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Silence speaks volumes

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The economic value of our creative industries is clear. But are they a priority for Britain’s political leaders?

The impressive growth performance of the UK’s creative industries, from design and advertising to video games, film and music, has meant they are recognised by government as a national strength and a priority for industrial policy.

In 2017, their contribution in current prices gross value added (GVA) is estimated to be 5.5% of total GVA. And in the preceding seven years they grew almost twice as fast as the economy as a whole. They also account for 2.5 million jobs (6.1% of the UK total) and for 11.9% of non-financial businesses.

The economic value of our creative industries is clear. But are they a priority for Britain’s political leaders?

The Creative Industries Policy and Evidence Centre (PEC) is part of the Creative Industries Clusters Programme led by the Arts and Humanities Research Council and funded through the Industrial Strategy Challenge Fund. It was set up to provide independent research and recommendations to fill the gaps in evidence about the strength of the creative industries, and lead to better policies for further growth.

Occasional references

Given the number of candidates standing in the Conservative leadership race, we thought it would be useful to discover a little more about each candidate’s position on the creative industries. In doing this, we learned an uncomfortable truth – that the creative industries are mentioned far less frequently than other industries.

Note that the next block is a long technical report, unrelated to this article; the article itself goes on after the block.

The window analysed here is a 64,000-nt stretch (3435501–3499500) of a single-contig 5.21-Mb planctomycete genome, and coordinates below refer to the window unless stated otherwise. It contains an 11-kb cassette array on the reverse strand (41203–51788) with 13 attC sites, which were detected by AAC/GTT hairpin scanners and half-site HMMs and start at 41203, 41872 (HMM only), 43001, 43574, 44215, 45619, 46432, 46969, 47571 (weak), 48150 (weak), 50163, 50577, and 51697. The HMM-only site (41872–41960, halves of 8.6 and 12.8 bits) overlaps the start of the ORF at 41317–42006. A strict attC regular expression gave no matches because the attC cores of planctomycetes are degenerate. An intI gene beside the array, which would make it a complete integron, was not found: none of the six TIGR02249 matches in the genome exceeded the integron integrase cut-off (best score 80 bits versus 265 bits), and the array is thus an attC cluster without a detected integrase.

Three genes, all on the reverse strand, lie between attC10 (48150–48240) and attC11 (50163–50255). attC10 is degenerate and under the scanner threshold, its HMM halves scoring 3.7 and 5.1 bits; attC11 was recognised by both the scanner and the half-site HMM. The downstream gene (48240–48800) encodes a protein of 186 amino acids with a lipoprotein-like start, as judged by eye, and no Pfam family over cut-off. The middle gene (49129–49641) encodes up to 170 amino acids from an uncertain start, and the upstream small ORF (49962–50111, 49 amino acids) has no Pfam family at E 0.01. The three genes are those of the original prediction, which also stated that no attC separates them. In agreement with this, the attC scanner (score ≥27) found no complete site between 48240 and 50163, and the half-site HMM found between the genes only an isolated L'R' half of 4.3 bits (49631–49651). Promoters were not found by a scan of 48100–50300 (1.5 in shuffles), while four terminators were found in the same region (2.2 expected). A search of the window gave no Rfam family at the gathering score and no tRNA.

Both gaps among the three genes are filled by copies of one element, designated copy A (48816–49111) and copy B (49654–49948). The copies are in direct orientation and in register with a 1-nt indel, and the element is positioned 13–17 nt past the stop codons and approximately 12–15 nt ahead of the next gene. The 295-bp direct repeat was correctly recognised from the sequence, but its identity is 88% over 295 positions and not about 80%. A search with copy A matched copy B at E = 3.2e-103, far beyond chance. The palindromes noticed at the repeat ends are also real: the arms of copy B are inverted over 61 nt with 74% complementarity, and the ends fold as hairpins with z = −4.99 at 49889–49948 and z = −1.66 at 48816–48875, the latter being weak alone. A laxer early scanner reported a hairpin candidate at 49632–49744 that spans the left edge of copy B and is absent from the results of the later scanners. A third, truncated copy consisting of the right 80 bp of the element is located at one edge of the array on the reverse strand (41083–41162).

Using Hansard, the official report of all parliamentary debates, we found that out of the current ten candidates, only six have mentioned the phrase ‘creative industries’ while speaking in Parliament, and of those six, only four have mentioned the sector more than once. This is all the more concerning given that three of these candidates have previously been Secretary of State for the Department of Digital, Culture, Media and Sport (DCMS) and would naturally have been expected to refer to the creative industries, given that it was their job.

In the House of Commons, the phrase ‘creative industries’ was referenced 1,271 times since the start of the 2005 Parliament. By comparison, the ‘construction industry’ received almost double that at 2,301. But even references to the construction industry pale in comparison to ‘financial services’ at 5,374 citations.

Candidates in Parliament

The leadership candidates are listed below, first by the frequency with which they have made reference to the creative industries in the Commons chamber, Westminster Hall and public bill committees, and then by how frequently they have referred to specific creative sub-sectors. When a sub-sector was mentioned, we looked into the use of the phrase and excluded instances where the context was not relevant. For example, an MP mentioning they had heard something on the radio would not be included, whereas an MP discussing the economic value of radio would be.

Matt Hancock (MP since 2010) was Minister for Digital and Culture from 2016–18 and Secretary of State for Culture in 2018, and has mentioned the phrase ‘creative industries 15 times in Parliament. While he was minister, the Industrial Strategy Sector Deal for the creative industries and the Digital Economy Bill were both introduced. Since becoming Secretary of State for Health, he has described the arts and social activities as essential to health and wellbeing.